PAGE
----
Brilliant Piano Début in the Town Hall
Sontraud Speidel Kindles Fireworks
Robert Schumanns "Grand Sonata" was the climax of a memorable concert
The debut of the new Steinway grand-piano in the town hall was doubly brilliant: first, the possibilities of an instrument with a really breath-taking splendor of sound became obvious, and second, the piano was played by music professor Sontraud Speidel from Karlsruhe with nearly unsurpassable perfection. The concert was an art event par excellence, an occurrence for all listeners, whose expectation was surely exceeded. The reason obviously, was that Sontraud Speidel introduced herself as an exceedingly passionate pianist who surmounts all technical difficulties without any effort, and without becoming addicted to superficial formalism. On the contrary, she gave a subtle personal touch to the concert, also characterized by the self-confidence of an artist who does not make any concession to virtuosity for it's own sake. Beyond all question, the wonderful instrument is a credit for Kulmbach.
The Piano Sonata #18 in Eb Major from Ludwig van Beethovens opus 31, which opened the concert, would not need to be mentioned due to its popularity, if the pianist would not have played it in a such willful manner. She brought Beethoven down from his pedestal, and made the composer who is falsely known as a Titan, understandable for the listeners. The artist provided the large work, that virtually transgresses the dimensions of a sonata, the gravity and monumentality which was presumably given to it by the composer. The miscellaneous arabesques - many of them are in the beautiful Menuetto - did not stay alone, also a lot of reflective approach, even bitterness, could be felt. The pianist painted a perplexing and startling portrait of Beethoven in his torn self-estimation, and opposition to his own nature.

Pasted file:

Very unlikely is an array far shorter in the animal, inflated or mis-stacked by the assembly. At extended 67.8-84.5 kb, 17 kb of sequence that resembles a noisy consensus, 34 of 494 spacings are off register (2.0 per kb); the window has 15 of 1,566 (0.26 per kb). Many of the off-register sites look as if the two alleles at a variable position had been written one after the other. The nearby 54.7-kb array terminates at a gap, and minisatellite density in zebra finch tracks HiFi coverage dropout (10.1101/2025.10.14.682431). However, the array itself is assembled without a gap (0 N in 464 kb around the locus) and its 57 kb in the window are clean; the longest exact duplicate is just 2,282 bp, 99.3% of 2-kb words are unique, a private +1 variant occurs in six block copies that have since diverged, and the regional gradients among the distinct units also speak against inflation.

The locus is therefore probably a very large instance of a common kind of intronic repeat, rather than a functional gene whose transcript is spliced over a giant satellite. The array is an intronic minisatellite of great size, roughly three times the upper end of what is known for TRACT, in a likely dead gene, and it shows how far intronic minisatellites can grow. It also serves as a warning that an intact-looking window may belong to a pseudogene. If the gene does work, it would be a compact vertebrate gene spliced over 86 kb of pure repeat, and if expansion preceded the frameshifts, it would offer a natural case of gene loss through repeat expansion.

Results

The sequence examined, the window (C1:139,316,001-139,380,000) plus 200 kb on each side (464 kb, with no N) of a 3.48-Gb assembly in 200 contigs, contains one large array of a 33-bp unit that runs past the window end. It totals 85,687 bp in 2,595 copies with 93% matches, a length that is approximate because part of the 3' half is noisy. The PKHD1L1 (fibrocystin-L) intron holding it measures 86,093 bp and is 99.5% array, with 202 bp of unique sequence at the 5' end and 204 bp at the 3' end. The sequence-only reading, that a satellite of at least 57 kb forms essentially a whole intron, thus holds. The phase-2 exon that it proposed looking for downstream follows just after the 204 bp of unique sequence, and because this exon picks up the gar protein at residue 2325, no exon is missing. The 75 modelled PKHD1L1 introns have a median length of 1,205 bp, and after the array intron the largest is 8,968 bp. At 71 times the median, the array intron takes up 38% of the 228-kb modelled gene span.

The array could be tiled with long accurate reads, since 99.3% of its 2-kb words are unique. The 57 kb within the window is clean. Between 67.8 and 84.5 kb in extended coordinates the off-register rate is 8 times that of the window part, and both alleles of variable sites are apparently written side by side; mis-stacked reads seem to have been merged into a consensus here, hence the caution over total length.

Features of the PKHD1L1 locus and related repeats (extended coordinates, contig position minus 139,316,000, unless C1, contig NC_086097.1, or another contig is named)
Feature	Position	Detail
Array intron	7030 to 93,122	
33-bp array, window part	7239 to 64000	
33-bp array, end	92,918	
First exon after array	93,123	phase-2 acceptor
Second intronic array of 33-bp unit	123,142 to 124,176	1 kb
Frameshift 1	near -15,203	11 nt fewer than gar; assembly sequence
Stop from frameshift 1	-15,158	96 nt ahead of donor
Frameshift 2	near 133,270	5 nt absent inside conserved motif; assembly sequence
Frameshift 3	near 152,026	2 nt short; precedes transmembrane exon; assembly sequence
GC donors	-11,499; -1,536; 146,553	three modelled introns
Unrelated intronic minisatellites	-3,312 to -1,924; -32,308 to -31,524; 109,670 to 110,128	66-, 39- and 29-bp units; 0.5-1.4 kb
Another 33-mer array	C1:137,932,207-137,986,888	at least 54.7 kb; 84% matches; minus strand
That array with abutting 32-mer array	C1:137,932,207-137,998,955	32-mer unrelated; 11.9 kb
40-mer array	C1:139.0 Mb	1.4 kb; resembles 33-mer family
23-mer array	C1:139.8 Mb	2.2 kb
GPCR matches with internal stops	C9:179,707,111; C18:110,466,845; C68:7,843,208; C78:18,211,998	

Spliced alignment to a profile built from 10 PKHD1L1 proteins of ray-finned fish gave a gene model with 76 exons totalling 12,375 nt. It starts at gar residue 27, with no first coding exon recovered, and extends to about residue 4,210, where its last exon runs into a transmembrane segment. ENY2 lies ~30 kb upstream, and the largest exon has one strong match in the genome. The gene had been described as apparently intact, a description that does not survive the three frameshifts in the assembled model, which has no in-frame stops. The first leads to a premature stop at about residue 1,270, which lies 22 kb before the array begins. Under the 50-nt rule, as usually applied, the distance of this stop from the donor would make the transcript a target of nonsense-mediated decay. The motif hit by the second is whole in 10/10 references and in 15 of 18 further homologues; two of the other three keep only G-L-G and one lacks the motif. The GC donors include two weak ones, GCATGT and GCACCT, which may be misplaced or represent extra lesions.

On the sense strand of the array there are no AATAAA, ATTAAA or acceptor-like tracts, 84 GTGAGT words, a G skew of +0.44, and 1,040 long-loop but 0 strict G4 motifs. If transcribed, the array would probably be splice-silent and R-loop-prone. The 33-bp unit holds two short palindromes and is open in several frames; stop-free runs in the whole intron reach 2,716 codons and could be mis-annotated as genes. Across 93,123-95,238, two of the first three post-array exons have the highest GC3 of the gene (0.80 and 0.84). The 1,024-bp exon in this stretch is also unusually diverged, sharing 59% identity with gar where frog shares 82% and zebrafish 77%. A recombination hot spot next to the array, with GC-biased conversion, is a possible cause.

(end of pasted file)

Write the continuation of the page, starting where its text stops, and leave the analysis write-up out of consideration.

This was not very different in the interpretation of Franz Liszts Variations on Bachs theme "Weinen, Klagen, Sorgen, Zagen" [Weeping, Crying, Sorrow, Sighing], and the musical reminiscences of the Crucifixus from the b-minor Mass. However, the approach to the Musique per Piano by Maurice Ravel, a sonatina in three movements, must be different. The pianist understood the feeling of the composer excellently, also his connection to an art that includes painting. Indeed, music of the Blue Group could be heard, a society of artists that never existed again in that combination.
Robert Schumanns Great Sonata in f-minor, subtitled Concert Without Orchestra, stood apart. An interpretation of this huge opus like Sontraud Speidels will not be heard again too soon. It is an honor for Kulmbach that this concert was played here.
wi., Bayerische Rundschau
Translation: Dr. Jürgen Rodeland, John